The Rescue story: Boy meets girl. Fall in love. Girl captured by evil monster. Boy kills monster, gets girl. Live happily ever after.
Many of our most popular movies and TV shows are rescue stories: Die Hard, 24, The Matrix. A hero does something impossible and saves the day. Often the story ends with him getting the girl, but it might be something more than that, like Oscar Schindler rescuing hundreds of Jews from the gas chamber.
This story connects with us so powerfully because many of us (especially men) indulge a fantasy to do something heroic, and because in some way all of us need rescuing (from addictions, disappointment, mundane jobs, debt, etc.)
This is also a Bible story because Jesus is our great hero who rescues us from our most deadly enemy – Sin and death. Jesus does the impossible in going to the cross, but, just as the closing credits are about to roll, he bursts back into life unconquered and undimmed. The last enemy to be destroyed, as 1 Corinthians says, is death. This is the big one. In films, the last enemy to be destroyed is always the head villain (it wouldn’t be quite the same if Alan Rickman died half way through Die Hard, or if Jack Bauer killed the chief terrorist by 11am). The last enemy is always the most dangerous villain of all, and the reason why the other villains are there. It’s the same in Scripture. Death is the biggest of the enemies and the explanation for the others. If there was no death, there wouldn’t be any war or injustice or fear or sickness. So if you can abolish death, you can totally strip all the other enemies of their power.
And that’s the Gospel of Jesus and resurrection. On Easter Sunday, the biggest of all the villains was totally and completely undone. The tomb was empty, and it still is. And that means that at least one person has conquered the grave, smashed the last enemy, and overturned the curse of death that has afflicted every human since time began. A champion only has to be killed once. Death had a pretty strong track record, until it faced Jesus, to whom it had no answer whatsoever. His resurrection life was simply too powerful. So, as Paul taunted: “Where, O death, is your victory? Where, O grave, is your sting?” (1 Corinthians 15:55).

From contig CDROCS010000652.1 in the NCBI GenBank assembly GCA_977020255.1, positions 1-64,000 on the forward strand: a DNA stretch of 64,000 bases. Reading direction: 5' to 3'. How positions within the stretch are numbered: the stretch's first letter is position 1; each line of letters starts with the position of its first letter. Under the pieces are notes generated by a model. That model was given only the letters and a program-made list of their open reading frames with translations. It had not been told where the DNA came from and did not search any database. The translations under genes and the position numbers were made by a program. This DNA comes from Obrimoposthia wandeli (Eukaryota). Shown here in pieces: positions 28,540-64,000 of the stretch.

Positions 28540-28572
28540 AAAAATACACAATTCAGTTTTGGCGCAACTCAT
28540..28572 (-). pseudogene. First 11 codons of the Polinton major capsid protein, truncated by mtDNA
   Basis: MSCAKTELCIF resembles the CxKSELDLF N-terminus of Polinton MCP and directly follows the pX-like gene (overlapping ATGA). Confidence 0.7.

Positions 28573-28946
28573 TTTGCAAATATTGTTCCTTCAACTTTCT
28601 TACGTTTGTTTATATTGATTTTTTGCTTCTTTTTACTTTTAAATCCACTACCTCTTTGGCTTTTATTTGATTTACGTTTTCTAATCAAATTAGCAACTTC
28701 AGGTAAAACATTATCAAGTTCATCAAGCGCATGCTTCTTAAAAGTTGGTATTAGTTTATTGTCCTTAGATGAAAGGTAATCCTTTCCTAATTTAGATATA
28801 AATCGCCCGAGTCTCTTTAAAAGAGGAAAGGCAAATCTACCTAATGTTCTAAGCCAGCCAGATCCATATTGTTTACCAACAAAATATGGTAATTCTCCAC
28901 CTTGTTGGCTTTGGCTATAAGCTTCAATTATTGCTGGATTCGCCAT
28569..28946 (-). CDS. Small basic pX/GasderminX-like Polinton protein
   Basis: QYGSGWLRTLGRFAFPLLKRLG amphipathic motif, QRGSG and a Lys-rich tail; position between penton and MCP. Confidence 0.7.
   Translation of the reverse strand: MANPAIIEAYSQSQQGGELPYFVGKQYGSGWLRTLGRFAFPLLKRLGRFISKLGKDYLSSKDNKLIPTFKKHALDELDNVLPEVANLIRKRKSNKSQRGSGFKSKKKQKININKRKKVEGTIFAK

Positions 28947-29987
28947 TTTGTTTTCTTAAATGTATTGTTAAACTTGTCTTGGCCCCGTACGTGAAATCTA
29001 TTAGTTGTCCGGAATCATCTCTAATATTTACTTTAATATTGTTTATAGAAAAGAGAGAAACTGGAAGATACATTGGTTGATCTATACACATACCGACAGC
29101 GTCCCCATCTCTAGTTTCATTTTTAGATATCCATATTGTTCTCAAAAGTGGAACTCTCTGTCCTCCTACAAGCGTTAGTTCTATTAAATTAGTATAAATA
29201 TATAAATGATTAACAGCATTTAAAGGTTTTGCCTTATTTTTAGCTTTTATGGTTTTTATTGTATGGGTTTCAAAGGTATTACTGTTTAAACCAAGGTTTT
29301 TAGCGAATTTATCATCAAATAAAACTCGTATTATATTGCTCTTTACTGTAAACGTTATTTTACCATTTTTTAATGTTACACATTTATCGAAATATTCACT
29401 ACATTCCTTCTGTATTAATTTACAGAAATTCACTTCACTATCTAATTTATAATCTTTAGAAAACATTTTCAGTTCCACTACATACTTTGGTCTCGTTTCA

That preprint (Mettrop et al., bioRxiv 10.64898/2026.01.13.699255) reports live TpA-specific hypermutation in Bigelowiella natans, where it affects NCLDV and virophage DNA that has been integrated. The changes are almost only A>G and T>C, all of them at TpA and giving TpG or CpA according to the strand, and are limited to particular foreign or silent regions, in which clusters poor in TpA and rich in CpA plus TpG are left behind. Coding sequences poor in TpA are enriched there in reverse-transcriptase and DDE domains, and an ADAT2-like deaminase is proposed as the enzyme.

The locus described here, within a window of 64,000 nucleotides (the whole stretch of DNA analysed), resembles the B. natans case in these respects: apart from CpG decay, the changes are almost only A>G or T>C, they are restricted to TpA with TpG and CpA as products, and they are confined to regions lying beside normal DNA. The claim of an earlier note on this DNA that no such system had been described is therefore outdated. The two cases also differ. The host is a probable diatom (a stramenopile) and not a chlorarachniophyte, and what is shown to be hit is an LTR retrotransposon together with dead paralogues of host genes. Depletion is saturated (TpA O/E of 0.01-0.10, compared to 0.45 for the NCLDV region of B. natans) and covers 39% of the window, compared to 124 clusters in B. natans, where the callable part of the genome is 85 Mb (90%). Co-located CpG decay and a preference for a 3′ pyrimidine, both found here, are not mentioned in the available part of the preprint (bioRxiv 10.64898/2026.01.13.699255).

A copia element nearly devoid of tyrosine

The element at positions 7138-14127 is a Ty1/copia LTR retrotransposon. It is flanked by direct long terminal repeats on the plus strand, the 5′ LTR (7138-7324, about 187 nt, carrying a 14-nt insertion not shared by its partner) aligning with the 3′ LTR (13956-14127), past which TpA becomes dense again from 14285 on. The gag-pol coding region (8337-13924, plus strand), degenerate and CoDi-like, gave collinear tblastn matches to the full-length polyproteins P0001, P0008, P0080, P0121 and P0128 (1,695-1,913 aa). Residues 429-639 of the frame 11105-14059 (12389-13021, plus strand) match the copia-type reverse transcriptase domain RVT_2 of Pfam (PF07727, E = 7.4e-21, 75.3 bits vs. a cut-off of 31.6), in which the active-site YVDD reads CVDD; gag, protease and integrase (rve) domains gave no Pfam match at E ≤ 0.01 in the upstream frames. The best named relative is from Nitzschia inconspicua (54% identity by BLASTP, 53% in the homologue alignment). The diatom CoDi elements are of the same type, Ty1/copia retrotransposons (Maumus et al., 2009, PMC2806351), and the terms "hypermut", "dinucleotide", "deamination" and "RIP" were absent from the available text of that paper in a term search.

[Thanks to Andrew Wilson for the those last two paragraphs]
Telling our stories
Every other type of story there is (tragedy, comedy, parable, myth, legend, biography, fairytale, fable, mystery, whodunit, epic, etc.) will contain at some point these two greater stories of love and rescue.
The way that we get to know people is by listening to their stories. We need to listen to one another’s tales of love and rescue. We need to share together the stories of what God has done for us, and we need to help others see how God’s great story connects to their personal story. We need to help people see that they can actually become part of the story of God – that he is the one who loves them, and can rescue them.
This is the Easter Story.
What a story!
Heidelberg Catechism, Lord’s Day 43 - [image: Heidelberg Catechism, Lord’s Day 43 primary image] [Today's comment on the ninth commandment is what happens when you meditate on the spirit of th...
7 hours ago